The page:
“I guess, but I just want to get away, you understand? Anyway, I’m almost twenty-one now. Thats three years too late for moving out and establishing my own space.” She took tiny sips of the cocoa, both hands cupping the mug as if shwere cold.

I walked to the thermostat and upped the temperature. A slight draft still stole in from a gap in the balcony sliding door I always kept open a crack to let the air circulate.

“So, your family’s okay with you living here? In California? In this apartment that’s probably smaller than your bathroom?  With a stranger?”

First off, its none of their business. Secondly, you and I won’t stay strangers. Sarah flashed me a grin. “Besides, I’m tired of big houses with too many rooms tget lost inAnd, have you lived in West Virginia?

I shook my head. The farthest I’d been was Nevada when we went for our family annual ski vacation. I heard its pretty.

“If you like hot, humid summers and bitter cold winters. So, do I pass? As a roommate?

She looked about at the ceiling. I wondered if shnoticed the dark web in the corner and the lack of cornices and crown moldings. I was sure I smelled mold in the living room, too. But I wasn’t in a position to choose. Sarah was.

As long as youre not a psychopath and can pay rent.” I returned her smile.

I dont know about the psychopath part. She shrugged and displayed her white, evenly-spaced teeth. But here’s my bank account.” She tossed me a navy blue booklet with gilded edges and with golden words “Bank of America” on the cover.

I fumbled as I caught it and was unsure what to do. “Should I peek?

“Go on. She gestured, flicking her fingers at me as if I were a stray cat afraid to take a morsel of her offering.

No secrets. I can well afford to pay rentAnd, I’m a stable individual.

I flipped the first few pages and saw the numerous transactions in lumps my parents, who were by no means poor, would have gasped at. The last page registered the numbers: under deposits, $38,000. My eyes scanned the row of numbers and realized that the sum $38,000 came up every sixth of the month.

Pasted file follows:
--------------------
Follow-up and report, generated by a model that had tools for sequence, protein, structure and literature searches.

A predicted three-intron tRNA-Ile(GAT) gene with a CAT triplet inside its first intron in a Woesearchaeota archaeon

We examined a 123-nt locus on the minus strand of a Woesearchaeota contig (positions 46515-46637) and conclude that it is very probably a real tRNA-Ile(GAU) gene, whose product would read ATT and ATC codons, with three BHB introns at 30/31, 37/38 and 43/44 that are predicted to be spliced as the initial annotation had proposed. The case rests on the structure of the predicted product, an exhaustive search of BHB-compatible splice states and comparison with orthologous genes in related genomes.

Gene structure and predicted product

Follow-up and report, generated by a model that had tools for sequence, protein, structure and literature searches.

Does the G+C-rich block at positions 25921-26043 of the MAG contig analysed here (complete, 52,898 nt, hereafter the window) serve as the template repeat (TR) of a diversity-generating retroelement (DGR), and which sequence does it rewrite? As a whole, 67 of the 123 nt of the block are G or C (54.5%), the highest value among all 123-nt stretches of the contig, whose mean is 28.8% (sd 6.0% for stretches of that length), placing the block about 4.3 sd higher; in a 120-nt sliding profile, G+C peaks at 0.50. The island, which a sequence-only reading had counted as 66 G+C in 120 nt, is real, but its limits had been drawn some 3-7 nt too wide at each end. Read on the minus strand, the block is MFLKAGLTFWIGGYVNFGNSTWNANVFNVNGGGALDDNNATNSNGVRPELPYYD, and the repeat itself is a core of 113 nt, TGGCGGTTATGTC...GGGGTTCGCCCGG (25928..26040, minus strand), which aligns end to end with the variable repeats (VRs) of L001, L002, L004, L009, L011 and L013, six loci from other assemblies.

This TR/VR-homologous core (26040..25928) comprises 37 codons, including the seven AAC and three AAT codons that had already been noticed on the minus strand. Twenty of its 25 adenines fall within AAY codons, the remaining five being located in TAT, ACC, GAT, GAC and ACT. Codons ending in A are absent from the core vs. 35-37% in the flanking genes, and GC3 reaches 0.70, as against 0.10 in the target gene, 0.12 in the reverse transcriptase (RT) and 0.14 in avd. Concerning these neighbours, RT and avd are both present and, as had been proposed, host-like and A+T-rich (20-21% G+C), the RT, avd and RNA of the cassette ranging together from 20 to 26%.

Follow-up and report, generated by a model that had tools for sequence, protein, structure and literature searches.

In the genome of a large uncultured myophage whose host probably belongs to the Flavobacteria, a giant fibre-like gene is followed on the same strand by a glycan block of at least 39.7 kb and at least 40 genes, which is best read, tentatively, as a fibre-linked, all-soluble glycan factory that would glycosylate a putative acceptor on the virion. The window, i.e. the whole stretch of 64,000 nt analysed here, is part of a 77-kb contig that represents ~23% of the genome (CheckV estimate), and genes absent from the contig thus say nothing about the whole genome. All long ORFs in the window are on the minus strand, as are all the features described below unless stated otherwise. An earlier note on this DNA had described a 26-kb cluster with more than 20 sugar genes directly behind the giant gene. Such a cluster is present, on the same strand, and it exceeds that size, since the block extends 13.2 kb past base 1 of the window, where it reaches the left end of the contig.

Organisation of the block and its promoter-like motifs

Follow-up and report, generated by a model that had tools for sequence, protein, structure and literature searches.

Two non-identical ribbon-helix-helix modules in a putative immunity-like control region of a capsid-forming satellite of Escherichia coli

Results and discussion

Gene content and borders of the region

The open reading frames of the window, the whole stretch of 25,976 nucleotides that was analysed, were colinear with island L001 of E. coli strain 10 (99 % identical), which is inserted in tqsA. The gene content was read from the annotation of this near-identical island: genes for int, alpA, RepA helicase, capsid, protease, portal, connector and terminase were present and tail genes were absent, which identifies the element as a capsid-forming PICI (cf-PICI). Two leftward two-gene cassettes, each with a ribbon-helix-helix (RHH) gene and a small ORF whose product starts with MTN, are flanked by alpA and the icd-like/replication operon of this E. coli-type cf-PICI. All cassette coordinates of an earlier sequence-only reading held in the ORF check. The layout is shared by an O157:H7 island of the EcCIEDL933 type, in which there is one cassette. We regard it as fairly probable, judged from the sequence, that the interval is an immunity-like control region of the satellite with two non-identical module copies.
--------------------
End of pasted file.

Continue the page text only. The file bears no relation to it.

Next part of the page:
My mouth must have been open for she said, You can stop gawking. Its only my trust fund. It comes to me regardless of where I am, or where I stay. So, do I make the cut?”

I handed the bank book back. We discussed the house rules: nsmokingno drugs, and that included pot; no boyfriend sleepovers or wild parties, which was a clause in my landlords lease; and Sarah was to hand me her share of the rent, a mere $800 a month, on the twenty-eighth of every month, since I was the main renter and she the sub-letter.

She didn’t want anything down on paperno checks, no contracts, and no way of tracing things back to her, shed stressed a few times.

She fished in her Louis Vuitton and handed me brown paper bag, the kind kids carry their school lunches in. I peeked inside and took out a stash of what looked like a wad of papers bundled together with a rubber band. Her three-month share of the deposit, a total of twenty-four crisp hundred-dollar bills. They had that distinct new-bank-notes-smell that spoke of luxury.

I gulped down my hot chocolate. Why all the secrecy? I hope your parents will at least know your address. I said as I wrapped up the interview. I could understand not wanting parents breathing down her neck, but as long as they didn’t insist on posting a guard at the door, what was the harm of them knowing where she lived?

Sarah glanced about the room as if afraid thneighbors might have their ears pinned to the walls, listening.

She leaned forward and, her face expressionless, said softly, “My parents are dead.

About the Author

Emma Right is a happy wife and home school mother of five living in the Pacific West Coast of the USA. Besides running a busy home, and looking after their five pets, which includes two cats, two bunnies and a long-haired dachshund, she also writes stories for her children. When she doesn't have her nose in a book, she is telling  her kids to get theirs in one.
Right worked as a copywriter for two major advertising agencies and won several awards, including the prestigious Clio Award for her ads, before she settled down to have children.

You can stalk, I mean follow Emma here



1 Paperback copy of DEAD DREAMS (DOMESTIC ONLY – ebook for International)
1 Amazon Gift Card for $15

a Rafflecopter giveaway


  1. I haven't read this book....yet! Adding it to my TBR it sounds great! I miss following all my blogs to get new books lol I have been so busy I barely have time to check my email let alone my blogs sadly. Glad things have settled down enough I missed all of my blogging world buddies!

  2. I have not read but is on my tbr.

  3. Most definitely adding to my reading list.

  4. I haven't read this before but I think its right up my alley, definitely something I'm interested in reading!